Once your OIC has been accepted, you have more than one payment option. Specifically, you can pay your entire tax liability as a lump sum or through a periodic payment agreement.
When you file an application for a lump sum payment offer, unless you qualify for an exception, you must submit an initial payment consisting of 20% of the offer amount. If your offer is accepted, you must pay the remaining amount within five months of acceptance. With a periodic payment plan, you have to submit an initial payment along with your application and then pay down the balance in monthly installments while the IRS considers your proposal. Your monthly payments will continue under the terms of the OIC if it is accepted.
Are Most Offers in Compromise Accepted?
No. Less than half of the OICs submitted to the IRS every year are actually accepted. In 2019, the government rejected approximately 67% of all applications it received. For the best chance of success, you should consult a Virginia Offer in Compromise attorney about using this strategy.
Poole Brooke Plumlee PC can help you determine if you are a good candidate for an Offer in Compromise by reviewing your financial situation. If you are, we will prepare an offer that stands a good chance of being accepted. As part of your legal representation, our firm will negotiate with the IRS on your behalf and aggressively try to reach an agreement that meets your financial needs. Along with obtaining an Offer in Compromise, we can also work on an installment payment plan that satisfies the IRS as well as your financial situation.
What if I Owe State Taxes?
Virginia, and several other states, also consider Offers in Compromise to resolve state tax debts. However, you must file a separate offer in compromise to resolve your state tax debts. It may be in your best interest to file a state offer in compromise even if you are not filing an IRS offer in compromise, or do not qualify for an IRS offer in compromise. We can assist you if you have questions about state debt. Contact a Virginia tax lawyer at our firm for more information.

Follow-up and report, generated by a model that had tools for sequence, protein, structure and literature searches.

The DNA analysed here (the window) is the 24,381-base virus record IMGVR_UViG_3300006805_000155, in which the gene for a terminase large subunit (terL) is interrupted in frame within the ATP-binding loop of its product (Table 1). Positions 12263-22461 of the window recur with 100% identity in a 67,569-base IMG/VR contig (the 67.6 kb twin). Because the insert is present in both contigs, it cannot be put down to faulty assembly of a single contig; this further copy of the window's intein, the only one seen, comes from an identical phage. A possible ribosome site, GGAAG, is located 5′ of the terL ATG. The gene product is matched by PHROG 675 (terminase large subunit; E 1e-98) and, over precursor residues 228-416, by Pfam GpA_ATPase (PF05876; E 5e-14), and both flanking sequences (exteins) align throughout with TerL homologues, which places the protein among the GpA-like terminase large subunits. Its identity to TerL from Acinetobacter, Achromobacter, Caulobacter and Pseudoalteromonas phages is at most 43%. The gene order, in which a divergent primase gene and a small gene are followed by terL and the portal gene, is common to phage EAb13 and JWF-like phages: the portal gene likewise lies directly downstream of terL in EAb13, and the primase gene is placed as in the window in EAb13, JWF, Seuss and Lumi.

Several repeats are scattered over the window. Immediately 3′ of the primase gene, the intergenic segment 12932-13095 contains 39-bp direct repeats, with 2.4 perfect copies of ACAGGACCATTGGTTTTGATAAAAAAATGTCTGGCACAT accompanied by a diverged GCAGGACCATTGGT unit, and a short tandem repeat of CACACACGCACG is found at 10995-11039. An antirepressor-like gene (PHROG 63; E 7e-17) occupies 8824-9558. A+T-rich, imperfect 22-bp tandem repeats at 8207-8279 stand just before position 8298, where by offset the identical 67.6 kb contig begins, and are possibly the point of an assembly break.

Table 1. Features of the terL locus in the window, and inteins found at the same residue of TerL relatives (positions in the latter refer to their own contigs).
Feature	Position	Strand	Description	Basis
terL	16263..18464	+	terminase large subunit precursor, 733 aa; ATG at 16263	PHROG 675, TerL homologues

What if My OIC is Rejected?
If you receive a rejection letter, you have the right to appeal if you are not satisfied with the IRS’s decision. In some cases, the IRS rejects an application for lack of information. Other common reasons for rejection include:
- Failure to include the entire application fee and/or 20% deposit
- A bankruptcy filing
- Making a false statement on the application
- Missing details on your financial statement
- Additional liabilities being accrued while the offer is being considered
You have 30 days from the date on the rejection letter to appeal. If you have received a rejection letter, contact us and we can help determine if an appeal is appropriate. If not, we can help you explore other tax relief options, such as installment agreements.
Talk to a Virginia Offer in Compromise Attorney Today
To find out if you qualify for an IRS Offer in Compromise, talk to an experienced tax attorney at Poole Brooke Plumlee, PC. We have many years of experience resolving tax controversies for clients and will handle all aspects of the OIC submission and negotiation on your behalf. Our team will work to achieve the best possible result for you, so you can face the future without a huge tax liability over your head. To schedule a consultation, please contact us.